(You will see errors warning you that properties have not been defined. Ignore those warnings for the moment; I explain how they are resolved later in the chapter.)



UNDERSTANDING MODULE RESOLUTION

You will see two different ways of specifying modules in the import statements on this website. The first is a relative module, in which the name of the module is prefixed with ./, like this above example.

...
import { Name, WeatherLocation } from "./modules/NameAndWeather";
...

This statement specifies a module located relative to the file that contains the import statement. In this case, the NameAndWeather.ts file is in the modules directory, which is in the same directory as the main.ts file. The other type of import is nonrelative.

...
import { Component } from "@angular/core";
...

The module in this import statement doesn’t start with ./, and the build tools resolve the dependency by looking for a package in the node_modules folder. In this case, the dependency is on a feature provided by the @angular/core package, which is added to the project when it is created by the ng new command.

Renaming Imports

In complex projects that have lots of dependencies, it is possible that you will need to use two classes with the same name from different modules. To re-create this situation, I created a file called DuplicateName.ts in the src/modules folder and defined the class as shown in the following example.

export class Name {
 get message() {
 return "Other Name";
 }
}

This class doesn’t do anything useful, but it is called Name, which means that importing it using the approach in the above example will cause a conflict because the compiler won’t be able to differentiate between the two classes with that name. The solution is to use the keyword, which allows an alias to be created for a class when it is imported from a module, as shown in the following example.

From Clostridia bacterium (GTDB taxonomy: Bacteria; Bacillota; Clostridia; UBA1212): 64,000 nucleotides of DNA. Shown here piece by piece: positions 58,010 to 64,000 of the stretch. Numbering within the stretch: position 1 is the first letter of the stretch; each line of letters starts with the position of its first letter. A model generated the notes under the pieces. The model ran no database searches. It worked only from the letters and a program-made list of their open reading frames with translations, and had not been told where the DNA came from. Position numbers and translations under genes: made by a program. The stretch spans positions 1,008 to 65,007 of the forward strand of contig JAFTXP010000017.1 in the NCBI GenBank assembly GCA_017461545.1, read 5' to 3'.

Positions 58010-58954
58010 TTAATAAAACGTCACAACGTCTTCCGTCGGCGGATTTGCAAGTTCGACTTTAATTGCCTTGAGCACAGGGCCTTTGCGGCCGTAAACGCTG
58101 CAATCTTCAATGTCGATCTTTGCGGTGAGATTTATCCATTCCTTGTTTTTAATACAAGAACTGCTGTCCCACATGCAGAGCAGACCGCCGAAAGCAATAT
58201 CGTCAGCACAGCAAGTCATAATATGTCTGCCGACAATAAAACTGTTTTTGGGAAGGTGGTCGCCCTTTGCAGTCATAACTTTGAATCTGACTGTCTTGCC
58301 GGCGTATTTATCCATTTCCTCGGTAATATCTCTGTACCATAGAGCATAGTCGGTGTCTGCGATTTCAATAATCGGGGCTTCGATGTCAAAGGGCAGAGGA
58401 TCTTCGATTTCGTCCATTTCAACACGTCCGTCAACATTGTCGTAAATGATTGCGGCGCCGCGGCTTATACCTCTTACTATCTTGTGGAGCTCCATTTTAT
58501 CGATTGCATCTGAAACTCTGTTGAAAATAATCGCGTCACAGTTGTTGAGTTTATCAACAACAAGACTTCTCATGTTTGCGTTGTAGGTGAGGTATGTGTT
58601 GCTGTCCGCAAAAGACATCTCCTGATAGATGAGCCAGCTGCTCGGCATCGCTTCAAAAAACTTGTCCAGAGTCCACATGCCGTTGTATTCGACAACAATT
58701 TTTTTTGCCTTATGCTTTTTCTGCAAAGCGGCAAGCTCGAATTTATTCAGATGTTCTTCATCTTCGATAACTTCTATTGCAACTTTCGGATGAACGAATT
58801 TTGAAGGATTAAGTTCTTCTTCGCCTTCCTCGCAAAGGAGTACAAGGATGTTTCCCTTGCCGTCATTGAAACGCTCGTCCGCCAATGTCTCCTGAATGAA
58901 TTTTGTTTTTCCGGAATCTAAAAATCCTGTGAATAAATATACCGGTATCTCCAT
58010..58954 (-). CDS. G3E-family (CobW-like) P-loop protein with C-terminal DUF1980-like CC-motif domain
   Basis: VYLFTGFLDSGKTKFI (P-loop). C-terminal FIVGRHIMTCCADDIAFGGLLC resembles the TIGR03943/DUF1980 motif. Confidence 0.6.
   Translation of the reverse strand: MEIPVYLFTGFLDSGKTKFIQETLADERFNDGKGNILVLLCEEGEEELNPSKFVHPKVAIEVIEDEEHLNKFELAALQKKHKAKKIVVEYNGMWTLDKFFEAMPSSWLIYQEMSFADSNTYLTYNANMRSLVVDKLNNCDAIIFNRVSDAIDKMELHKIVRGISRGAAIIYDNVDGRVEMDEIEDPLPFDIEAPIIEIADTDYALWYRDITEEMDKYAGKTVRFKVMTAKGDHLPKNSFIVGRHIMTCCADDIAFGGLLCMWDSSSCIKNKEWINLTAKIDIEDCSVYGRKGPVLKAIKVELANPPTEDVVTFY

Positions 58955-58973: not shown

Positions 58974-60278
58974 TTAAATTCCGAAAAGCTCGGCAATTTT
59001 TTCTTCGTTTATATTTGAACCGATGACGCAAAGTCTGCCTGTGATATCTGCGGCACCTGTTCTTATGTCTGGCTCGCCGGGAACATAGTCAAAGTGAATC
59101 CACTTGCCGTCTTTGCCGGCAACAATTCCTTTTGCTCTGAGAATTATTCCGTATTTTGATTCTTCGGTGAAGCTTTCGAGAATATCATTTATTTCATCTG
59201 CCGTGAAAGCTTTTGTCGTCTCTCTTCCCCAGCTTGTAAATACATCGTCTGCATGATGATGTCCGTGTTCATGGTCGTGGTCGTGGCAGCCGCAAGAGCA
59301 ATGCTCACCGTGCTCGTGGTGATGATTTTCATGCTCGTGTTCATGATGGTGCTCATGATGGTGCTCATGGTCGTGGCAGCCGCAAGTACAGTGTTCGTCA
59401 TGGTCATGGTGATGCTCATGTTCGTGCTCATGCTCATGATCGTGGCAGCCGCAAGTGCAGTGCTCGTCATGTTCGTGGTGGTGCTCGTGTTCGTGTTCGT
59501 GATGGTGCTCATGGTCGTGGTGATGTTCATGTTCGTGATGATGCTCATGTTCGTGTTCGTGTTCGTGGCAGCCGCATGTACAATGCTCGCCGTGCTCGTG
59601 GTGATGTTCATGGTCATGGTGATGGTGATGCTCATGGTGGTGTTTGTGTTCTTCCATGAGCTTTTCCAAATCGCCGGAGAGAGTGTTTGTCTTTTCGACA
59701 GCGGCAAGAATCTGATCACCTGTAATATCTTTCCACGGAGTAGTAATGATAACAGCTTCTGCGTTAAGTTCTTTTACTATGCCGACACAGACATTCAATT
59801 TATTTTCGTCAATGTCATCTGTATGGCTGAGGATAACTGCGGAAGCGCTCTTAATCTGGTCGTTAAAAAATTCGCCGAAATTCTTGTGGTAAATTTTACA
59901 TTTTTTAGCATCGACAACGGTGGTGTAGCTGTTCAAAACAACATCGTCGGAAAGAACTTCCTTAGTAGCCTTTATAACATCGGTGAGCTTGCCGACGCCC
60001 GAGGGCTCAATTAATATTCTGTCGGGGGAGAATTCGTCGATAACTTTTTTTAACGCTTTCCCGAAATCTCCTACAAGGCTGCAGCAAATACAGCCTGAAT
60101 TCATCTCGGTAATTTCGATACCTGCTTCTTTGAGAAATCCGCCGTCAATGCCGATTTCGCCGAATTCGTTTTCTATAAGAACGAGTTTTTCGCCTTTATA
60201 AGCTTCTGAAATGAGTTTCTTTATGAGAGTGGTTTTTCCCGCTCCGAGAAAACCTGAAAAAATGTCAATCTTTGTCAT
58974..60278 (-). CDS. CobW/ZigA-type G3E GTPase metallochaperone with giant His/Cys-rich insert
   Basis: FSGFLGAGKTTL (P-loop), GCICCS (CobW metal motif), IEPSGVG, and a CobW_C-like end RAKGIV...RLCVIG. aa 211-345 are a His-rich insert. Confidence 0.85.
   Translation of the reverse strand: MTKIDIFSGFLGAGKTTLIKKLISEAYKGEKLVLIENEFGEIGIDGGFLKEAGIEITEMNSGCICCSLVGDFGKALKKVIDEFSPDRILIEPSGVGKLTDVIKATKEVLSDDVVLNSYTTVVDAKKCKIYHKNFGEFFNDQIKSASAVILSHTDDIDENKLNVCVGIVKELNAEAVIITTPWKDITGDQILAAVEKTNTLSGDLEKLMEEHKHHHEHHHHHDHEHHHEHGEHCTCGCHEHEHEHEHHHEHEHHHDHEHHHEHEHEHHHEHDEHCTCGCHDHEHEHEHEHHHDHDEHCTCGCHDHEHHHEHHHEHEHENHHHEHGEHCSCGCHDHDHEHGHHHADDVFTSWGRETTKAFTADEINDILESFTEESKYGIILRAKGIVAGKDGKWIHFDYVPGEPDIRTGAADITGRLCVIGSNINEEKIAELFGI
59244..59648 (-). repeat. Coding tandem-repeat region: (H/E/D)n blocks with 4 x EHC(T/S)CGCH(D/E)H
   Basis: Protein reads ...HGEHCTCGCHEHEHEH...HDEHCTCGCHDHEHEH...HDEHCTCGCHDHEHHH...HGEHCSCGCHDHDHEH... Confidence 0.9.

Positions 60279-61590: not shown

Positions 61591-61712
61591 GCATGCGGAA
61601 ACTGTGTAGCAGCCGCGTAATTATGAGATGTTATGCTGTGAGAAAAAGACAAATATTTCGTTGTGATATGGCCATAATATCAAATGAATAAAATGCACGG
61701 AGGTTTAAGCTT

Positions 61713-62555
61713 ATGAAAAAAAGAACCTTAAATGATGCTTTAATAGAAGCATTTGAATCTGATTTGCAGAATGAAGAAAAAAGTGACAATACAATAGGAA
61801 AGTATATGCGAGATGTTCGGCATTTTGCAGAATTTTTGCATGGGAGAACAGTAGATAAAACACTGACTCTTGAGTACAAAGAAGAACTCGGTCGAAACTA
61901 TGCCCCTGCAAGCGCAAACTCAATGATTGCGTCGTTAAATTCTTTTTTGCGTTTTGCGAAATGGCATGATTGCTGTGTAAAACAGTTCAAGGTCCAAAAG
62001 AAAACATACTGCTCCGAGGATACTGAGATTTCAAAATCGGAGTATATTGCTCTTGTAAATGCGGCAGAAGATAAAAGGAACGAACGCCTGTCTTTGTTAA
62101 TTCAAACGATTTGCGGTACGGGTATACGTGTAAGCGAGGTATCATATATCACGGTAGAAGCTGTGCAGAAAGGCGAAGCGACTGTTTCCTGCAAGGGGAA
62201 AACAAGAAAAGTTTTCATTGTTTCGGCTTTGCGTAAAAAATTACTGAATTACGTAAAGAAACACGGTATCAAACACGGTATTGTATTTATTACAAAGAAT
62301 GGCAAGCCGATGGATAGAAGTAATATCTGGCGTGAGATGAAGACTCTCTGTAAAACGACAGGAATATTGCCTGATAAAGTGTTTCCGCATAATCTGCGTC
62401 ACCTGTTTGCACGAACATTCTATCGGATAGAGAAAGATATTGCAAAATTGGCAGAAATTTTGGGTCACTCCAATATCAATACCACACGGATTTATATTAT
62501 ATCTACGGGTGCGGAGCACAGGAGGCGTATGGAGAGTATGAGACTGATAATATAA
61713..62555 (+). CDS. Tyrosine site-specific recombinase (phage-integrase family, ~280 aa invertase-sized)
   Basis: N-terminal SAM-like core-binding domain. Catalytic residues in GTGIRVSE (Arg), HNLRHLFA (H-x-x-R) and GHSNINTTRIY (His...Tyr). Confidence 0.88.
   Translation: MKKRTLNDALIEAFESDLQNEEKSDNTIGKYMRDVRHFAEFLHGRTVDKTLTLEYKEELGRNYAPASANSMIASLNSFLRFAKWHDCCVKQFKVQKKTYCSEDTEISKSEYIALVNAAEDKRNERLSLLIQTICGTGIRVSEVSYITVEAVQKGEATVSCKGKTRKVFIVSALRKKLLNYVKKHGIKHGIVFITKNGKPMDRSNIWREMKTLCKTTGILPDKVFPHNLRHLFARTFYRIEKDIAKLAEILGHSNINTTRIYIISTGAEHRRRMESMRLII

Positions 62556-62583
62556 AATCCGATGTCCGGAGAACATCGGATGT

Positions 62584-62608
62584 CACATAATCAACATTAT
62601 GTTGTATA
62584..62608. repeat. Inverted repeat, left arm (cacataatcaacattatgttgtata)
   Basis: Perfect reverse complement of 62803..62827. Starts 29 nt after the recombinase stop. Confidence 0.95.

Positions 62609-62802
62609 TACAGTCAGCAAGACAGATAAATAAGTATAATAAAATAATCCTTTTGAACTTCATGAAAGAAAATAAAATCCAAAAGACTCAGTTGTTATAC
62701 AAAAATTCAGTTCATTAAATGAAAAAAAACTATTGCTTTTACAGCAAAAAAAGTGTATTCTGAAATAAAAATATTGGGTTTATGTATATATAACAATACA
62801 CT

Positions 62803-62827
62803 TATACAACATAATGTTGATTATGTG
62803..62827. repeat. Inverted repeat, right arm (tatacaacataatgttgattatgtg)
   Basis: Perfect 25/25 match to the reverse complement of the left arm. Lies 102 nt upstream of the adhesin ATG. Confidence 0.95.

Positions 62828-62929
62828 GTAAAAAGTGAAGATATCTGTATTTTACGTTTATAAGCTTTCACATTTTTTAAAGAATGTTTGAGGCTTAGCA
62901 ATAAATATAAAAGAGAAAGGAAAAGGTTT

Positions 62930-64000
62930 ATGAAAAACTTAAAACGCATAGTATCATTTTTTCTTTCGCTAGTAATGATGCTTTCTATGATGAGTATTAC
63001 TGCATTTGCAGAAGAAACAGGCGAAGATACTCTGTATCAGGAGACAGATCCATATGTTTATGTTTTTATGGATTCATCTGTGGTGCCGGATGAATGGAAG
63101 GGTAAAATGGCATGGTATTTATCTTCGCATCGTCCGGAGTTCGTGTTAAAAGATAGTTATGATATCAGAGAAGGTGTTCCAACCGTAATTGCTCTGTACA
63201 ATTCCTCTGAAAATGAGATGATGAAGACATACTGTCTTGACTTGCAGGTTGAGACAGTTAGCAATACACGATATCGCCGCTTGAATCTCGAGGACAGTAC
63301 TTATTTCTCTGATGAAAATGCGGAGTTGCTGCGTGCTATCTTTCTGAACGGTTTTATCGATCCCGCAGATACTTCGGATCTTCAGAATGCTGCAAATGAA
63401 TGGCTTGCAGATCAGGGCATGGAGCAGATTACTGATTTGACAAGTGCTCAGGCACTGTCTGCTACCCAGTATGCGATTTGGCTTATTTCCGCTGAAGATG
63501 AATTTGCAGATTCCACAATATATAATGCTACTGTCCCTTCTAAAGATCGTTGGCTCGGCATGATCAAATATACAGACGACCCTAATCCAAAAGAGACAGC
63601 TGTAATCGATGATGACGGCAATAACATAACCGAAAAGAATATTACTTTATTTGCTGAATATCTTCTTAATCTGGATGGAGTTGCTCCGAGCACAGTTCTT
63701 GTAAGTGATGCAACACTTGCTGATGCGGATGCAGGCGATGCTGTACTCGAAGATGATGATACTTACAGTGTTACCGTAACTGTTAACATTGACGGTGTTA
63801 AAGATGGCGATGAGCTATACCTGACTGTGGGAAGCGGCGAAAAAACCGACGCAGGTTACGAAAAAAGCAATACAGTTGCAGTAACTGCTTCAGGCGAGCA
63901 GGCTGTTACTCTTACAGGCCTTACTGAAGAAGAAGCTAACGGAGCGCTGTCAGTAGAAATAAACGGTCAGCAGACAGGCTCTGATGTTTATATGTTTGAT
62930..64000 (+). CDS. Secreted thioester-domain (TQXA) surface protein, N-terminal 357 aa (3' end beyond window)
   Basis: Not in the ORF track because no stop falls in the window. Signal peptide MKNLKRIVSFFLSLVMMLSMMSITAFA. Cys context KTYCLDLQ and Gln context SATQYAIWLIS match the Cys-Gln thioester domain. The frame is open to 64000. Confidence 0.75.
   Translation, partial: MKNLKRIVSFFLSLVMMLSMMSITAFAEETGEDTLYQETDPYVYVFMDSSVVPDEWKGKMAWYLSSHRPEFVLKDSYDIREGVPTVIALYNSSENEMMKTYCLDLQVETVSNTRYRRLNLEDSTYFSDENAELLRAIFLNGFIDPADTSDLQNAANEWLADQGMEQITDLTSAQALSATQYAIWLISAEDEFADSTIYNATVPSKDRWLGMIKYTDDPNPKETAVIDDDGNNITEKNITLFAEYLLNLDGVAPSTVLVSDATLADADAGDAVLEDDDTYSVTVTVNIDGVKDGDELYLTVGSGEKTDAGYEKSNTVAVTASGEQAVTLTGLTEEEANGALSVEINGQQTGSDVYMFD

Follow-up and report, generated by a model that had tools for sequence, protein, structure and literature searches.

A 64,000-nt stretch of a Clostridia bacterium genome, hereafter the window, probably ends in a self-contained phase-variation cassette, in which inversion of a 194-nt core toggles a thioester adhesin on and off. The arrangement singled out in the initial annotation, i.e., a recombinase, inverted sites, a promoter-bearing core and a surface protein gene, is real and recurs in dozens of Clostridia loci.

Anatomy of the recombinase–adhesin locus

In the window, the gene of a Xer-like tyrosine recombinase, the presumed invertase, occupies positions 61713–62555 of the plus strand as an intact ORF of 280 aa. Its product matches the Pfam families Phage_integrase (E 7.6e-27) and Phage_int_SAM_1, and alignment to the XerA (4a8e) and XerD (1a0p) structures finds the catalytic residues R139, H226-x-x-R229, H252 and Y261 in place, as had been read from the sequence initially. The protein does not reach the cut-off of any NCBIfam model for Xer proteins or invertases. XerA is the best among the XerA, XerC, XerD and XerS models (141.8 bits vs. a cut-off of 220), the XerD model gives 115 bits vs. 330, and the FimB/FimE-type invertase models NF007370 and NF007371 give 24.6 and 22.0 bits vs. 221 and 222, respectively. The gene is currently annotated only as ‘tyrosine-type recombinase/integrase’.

import { Name, WeatherLocation } from "./modules/NameAndWeather";
import { Name as OtherName } from "./modules/DuplicateName";
let name = new Name("Adam", "Freeman");
let loc = new WeatherLocation("raining", "London");
let other = new OtherName();
console.log(name.nameMessage);
console.log(loc.weatherMessage);
console.log(other.message);

The Name class in the DupliateName module is imported as OtherName, which allows it to be used without conflicting with the Name class in the NameAndWeather module. This example produces the following output:

Hello Adam Freeman

It is raining in London

Other Name

Importing All of the Types in a Module

An alternative approach is to import the module as an object that has properties for each of the types it contains, as shown in the following example

import * as NameAndWeatherLocation from "./modules/NameAndWeather";
import { Name as OtherName } from "./modules/DuplicateName";
let name = new NameAndWeatherLocation.Name("Adam", "Freeman");
let loc = new NameAndWeatherLocation.WeatherLocation("raining", "London");
let other = new OtherName();
console.log(name.nameMessage);
console.log(loc.weatherMessage);
console.log(other.message);

The import statement in this example imports the contents of the NameAndWeather module and creates an object called NameAndWeatherLocation. This object has Name and Weather properties that correspond to the classes defined in the module. This example produces the same output as the above example.